Thinking inside the box

For a good period, when posting to forums and such, I used the online handle “The Tesseract.” Now, thanks to the blockbusting movies Captain America: The First Avenger and The Avengers, a wider audience now knows what a tesseract is. At least, they know it as being a cube with glowy stuff inside of it. While it was cool of Marvel Studios to use such a device for their plot, I feel that their use was dumb and off the mark based on the science of what would allow a tesseract to exist. Clearly, their poor understanding of what a tesseract is, was a case of them not thinking outside of the box (or even inside it for that matter)

So, what is a tesseract? It is a four dimensional (4-D) construct.  Before I can continue we need to start at a more basic level.

Imagine, if you will, a Square. Making your square are two axes, where one is length and the other width. That’s 2-D.  Now, let’s add another dimension: depth. We now have a cube, which has three axes: depth, length and width.  Now, let’s add another dimension and for the sake of argument, let’s say it’s time. We now have four dimensions. Now, because we can only see the present, we have to imagine that this fourth dimension renders a second cube enveloping the first. To sum it up quickly: the tesseract is to the cube as the cube is to the square.

For a more scientific explanation, please visit Wikipedia for a more thorough explanation involving fancy words like “polytopes” and “hypersurfaces.”

During my usage of the term as a handle or nickname, I often explained it to those who inquired. And often, I would lose people at some point shortly after beginning to explain. I eventually got wise to explain it as a cube within a cube, but instead of being 3-D, it’s 4-D.

Okay, now that we’ve got that covered, I can continue with the topic at hand. “Thinking outside the box”

I dislike that phrase. I really do. I think it may be one of the silliest phrases out there in the business world. Why? Because no matter what you do for a living, you are bound by the constructs (i.e. rules) that have been set in place by either the industry you work in or the company you work for. In Public Relations and Communications, there is a need for creative individuals to come up with all sorts of great ideas of how to get something noticed. Therefore, thinking outside of the box leads to a logical conclusion that your box is not full of great ideas from the start. Any self respecting communications pro would never admit to such a thing. But the truth is, they operate in the business of attempting to have boxes full of great ideas.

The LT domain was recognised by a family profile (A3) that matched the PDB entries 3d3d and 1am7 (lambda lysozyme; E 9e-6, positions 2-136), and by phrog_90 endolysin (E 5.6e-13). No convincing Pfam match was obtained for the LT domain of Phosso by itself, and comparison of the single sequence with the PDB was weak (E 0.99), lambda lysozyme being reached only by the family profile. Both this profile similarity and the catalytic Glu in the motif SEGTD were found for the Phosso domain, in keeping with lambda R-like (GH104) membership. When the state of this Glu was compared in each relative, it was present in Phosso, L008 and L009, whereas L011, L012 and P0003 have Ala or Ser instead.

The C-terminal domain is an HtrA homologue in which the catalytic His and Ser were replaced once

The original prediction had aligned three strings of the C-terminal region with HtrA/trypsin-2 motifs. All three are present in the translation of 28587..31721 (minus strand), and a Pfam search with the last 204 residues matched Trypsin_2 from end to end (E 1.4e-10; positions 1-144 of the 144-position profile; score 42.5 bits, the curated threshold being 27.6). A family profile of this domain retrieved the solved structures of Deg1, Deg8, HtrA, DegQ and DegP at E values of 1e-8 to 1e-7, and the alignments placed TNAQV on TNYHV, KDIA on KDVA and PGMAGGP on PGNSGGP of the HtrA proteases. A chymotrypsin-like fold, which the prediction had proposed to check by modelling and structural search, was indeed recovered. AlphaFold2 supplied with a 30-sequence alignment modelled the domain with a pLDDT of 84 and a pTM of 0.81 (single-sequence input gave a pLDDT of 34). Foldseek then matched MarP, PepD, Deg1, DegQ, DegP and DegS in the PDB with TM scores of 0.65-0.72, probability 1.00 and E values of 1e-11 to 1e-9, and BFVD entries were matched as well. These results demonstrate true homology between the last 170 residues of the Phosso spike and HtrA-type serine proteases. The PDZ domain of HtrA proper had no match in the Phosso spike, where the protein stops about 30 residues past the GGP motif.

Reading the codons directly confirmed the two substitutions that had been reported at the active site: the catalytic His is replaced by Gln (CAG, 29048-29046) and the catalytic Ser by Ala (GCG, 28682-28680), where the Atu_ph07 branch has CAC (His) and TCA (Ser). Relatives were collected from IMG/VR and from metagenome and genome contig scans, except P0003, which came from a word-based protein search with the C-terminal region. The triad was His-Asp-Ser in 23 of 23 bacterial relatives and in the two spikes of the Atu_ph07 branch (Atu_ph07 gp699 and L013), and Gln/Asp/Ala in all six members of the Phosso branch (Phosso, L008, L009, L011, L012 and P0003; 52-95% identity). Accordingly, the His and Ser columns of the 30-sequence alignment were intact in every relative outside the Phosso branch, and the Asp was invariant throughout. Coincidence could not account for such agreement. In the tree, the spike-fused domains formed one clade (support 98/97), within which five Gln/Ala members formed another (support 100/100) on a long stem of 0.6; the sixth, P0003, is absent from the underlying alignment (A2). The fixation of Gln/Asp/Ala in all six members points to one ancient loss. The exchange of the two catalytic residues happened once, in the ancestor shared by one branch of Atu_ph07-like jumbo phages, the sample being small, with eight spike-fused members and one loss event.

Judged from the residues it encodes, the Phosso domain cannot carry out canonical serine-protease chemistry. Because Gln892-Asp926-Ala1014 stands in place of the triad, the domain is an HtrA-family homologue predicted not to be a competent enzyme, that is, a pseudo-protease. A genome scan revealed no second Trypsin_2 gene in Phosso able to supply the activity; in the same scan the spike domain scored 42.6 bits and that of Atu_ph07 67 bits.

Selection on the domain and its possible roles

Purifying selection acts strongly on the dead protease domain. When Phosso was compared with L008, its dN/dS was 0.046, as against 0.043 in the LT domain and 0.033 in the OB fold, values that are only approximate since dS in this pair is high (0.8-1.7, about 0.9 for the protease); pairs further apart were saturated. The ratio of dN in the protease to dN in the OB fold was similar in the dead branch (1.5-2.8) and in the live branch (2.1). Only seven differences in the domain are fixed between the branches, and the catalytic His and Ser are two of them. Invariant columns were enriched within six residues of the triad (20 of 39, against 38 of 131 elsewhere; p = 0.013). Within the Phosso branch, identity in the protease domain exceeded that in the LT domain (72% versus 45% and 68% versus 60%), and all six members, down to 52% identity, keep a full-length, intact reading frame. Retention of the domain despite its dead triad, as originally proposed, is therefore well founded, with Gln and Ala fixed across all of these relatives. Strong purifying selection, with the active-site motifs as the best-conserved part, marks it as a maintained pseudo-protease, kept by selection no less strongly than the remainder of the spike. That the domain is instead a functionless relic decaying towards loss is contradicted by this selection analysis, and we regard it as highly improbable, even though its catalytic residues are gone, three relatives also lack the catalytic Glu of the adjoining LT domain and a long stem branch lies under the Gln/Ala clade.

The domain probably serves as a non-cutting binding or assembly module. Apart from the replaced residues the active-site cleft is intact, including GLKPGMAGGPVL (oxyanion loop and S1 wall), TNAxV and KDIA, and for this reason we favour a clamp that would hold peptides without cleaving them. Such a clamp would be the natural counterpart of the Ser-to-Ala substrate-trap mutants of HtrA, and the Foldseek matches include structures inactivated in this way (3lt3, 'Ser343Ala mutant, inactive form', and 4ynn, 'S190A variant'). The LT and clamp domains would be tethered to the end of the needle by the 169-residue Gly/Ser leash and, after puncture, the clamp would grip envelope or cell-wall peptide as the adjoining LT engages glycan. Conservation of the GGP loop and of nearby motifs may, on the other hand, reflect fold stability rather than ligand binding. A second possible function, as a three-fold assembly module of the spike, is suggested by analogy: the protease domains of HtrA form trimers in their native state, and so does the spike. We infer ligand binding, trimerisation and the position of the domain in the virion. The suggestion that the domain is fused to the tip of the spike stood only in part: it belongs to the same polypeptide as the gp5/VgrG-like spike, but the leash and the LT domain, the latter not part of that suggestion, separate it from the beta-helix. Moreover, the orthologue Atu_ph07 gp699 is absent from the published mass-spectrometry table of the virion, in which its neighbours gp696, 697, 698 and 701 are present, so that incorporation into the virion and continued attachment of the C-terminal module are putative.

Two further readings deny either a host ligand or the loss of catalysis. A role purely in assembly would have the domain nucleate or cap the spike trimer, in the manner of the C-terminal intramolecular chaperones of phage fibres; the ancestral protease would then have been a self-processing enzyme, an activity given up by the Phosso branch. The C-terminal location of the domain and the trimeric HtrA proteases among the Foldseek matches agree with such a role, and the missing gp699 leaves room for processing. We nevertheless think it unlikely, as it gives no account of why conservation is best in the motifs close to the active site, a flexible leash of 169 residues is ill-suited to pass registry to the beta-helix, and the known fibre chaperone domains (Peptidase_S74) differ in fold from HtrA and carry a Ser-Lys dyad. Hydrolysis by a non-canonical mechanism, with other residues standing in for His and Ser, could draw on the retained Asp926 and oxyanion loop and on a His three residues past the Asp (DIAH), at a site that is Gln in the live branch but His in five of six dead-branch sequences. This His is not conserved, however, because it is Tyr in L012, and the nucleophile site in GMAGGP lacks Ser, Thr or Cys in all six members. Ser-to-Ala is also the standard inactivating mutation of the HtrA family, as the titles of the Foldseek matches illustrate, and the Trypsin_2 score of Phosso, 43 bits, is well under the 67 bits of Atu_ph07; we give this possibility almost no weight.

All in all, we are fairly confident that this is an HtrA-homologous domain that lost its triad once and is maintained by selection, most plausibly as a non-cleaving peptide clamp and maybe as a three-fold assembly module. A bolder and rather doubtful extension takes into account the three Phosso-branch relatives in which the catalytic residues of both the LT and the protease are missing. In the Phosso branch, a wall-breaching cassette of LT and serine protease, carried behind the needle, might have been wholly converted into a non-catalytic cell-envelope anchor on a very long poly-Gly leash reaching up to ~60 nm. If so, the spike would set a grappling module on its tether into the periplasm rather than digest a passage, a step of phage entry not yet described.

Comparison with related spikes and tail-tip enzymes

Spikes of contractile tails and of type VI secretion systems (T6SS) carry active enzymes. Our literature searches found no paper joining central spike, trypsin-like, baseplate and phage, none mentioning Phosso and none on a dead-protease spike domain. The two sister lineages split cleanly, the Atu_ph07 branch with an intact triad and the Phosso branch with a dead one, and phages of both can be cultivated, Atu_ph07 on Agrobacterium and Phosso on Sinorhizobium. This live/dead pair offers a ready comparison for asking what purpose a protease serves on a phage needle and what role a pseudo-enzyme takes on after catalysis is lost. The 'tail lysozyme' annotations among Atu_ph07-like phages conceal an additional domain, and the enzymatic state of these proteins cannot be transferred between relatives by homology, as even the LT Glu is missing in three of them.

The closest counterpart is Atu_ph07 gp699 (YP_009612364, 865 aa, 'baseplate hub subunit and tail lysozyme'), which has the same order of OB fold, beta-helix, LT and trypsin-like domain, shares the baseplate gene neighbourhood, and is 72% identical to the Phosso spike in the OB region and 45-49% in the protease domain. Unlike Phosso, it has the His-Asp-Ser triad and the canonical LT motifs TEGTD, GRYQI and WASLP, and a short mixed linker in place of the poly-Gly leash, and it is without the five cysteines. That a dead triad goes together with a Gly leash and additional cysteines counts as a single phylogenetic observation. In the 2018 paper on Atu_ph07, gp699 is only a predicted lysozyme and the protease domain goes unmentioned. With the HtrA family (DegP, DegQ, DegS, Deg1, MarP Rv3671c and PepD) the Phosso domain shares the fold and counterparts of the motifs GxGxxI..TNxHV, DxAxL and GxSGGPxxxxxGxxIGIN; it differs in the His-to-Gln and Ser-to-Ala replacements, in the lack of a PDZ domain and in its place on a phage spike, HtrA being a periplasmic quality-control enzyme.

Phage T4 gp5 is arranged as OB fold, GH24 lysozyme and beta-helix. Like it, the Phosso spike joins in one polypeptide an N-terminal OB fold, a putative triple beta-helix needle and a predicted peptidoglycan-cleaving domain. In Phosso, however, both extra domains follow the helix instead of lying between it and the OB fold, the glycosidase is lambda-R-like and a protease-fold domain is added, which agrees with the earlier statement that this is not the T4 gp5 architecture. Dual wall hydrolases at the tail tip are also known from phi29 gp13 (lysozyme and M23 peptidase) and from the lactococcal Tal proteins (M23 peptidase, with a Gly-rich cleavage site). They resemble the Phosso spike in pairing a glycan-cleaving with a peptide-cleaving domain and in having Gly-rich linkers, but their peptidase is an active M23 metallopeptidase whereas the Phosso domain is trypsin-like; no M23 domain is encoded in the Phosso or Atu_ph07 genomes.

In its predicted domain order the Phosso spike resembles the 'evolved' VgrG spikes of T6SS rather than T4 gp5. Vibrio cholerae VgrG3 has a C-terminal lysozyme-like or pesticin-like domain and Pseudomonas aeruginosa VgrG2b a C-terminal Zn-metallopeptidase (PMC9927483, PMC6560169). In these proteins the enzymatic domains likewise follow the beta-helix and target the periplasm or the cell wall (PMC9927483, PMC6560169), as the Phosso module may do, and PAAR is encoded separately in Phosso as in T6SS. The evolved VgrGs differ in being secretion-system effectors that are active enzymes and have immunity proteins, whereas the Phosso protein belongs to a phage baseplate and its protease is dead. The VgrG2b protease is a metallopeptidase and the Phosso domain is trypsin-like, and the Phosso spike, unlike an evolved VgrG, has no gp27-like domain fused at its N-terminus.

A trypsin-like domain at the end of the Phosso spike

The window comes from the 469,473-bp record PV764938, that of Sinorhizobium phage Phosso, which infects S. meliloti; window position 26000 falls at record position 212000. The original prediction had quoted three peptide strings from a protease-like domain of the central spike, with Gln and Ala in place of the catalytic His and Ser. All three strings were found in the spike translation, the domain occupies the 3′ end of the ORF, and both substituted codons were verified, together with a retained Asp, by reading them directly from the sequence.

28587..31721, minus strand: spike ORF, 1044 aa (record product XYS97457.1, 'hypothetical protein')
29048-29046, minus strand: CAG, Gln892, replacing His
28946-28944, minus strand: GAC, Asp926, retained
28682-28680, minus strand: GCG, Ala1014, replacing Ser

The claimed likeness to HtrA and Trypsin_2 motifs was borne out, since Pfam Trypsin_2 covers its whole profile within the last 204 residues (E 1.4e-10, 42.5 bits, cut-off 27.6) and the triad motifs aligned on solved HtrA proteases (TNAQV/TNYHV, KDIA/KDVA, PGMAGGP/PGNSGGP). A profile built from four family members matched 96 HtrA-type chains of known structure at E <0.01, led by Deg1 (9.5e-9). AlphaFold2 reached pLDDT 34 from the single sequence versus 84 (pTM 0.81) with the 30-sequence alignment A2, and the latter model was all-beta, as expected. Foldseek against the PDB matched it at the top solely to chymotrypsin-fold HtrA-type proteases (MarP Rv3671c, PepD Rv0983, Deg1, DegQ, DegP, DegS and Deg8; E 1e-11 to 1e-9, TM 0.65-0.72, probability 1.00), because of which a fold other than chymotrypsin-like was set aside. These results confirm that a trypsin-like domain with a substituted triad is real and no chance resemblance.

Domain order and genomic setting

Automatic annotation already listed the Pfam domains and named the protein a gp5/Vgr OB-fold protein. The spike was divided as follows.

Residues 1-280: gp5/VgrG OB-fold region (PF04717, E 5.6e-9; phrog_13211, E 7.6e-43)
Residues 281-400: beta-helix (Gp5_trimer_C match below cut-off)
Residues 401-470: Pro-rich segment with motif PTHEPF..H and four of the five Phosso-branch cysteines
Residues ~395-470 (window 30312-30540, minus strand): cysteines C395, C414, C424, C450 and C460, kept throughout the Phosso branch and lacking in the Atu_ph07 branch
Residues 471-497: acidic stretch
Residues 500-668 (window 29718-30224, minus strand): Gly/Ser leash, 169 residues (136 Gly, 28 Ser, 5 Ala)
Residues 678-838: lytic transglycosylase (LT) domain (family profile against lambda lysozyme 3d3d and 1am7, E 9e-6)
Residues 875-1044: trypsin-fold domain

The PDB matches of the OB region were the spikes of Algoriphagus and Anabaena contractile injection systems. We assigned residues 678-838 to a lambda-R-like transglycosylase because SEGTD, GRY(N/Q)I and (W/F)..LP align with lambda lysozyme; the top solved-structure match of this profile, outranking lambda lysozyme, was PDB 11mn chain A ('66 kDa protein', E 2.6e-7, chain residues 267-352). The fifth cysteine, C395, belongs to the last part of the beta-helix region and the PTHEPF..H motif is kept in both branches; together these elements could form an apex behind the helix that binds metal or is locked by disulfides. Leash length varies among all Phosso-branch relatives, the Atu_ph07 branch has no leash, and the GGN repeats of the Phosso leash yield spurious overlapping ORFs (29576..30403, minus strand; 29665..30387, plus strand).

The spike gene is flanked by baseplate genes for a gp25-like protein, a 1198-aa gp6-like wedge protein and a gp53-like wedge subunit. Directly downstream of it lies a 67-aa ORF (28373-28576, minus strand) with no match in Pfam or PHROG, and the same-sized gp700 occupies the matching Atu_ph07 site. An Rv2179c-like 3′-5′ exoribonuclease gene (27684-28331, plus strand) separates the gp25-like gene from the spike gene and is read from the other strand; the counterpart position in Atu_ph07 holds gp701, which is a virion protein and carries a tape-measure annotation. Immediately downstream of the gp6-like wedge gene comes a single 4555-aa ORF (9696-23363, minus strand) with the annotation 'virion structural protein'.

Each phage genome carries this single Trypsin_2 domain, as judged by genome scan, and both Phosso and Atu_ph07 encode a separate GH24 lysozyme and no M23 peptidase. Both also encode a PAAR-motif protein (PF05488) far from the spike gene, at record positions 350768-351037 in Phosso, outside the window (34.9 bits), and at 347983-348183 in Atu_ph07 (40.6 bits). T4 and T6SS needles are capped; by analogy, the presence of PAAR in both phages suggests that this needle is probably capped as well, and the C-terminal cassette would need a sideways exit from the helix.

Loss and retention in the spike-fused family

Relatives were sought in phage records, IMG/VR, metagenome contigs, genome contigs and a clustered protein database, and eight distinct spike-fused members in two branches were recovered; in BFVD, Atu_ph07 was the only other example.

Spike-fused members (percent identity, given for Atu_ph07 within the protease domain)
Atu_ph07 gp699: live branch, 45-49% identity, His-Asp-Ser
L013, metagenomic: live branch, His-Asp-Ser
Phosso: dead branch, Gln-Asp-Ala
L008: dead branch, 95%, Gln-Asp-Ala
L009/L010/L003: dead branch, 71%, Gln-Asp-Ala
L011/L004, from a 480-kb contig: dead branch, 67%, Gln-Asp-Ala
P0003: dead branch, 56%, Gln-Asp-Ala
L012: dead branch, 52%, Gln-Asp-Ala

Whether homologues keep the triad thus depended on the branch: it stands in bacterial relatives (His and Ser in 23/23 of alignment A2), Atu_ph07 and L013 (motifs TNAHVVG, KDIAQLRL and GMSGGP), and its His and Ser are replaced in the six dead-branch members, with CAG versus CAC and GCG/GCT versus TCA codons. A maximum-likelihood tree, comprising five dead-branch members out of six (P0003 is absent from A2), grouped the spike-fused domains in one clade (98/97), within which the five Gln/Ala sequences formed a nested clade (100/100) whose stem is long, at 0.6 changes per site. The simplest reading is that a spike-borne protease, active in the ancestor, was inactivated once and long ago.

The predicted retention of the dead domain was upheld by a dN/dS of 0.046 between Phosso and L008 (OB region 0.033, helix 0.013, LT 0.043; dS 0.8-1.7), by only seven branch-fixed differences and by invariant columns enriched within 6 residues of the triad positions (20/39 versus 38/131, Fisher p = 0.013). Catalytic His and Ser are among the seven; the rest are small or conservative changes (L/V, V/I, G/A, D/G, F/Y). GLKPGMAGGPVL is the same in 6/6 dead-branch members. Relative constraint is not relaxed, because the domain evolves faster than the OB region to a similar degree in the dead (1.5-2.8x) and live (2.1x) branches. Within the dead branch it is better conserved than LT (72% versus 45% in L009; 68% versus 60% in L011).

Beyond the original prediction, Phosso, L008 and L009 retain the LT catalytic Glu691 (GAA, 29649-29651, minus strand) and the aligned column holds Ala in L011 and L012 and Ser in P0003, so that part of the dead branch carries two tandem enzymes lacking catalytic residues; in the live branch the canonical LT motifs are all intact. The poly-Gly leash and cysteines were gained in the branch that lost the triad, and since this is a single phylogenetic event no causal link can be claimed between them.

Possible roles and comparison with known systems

A good analogy I can think of here is a children’s toy box. Within the toy box are all sorts of toys and playthings. The only thing outside of the box is the child’s mind. A child’s imagination is a thing of wonder, constantly active; however, the neurons within a child’s head really start to fire when you open the toy box and present them with possibilities.

When you look at a photograph, how often do you think “I wonder what was going on over on the left?” Truth is, you don’t think that. The picture is what matters.

It’s Christmas (or Chanukah, or Kwanzaa or whichever). You’re given a wrapped up present. Do you stop and think, “I wonder what’s outside of this box?”

It’s time to “Think inside the box.” Enough of this outside nonsense! There’s nothing outside the box except for disorder and chaos. Or, if you are really perceptive, outside of the box, is just another box – the room that you currently stand in.

Why should we think inside the box? Because you’re ultimate job is to plan something and contain it. Thinking outside of the box can easily turn into a matter of thinking outside of the scope of a project. That is something you definitely don’t want to do. 

 You need to keep things together – contained. What does a box do? It contains things.

Think outside the box: it’s a tired and extremely overused cliché.

Instead of thinking outside of the box, we really need to start thinking inside of it.

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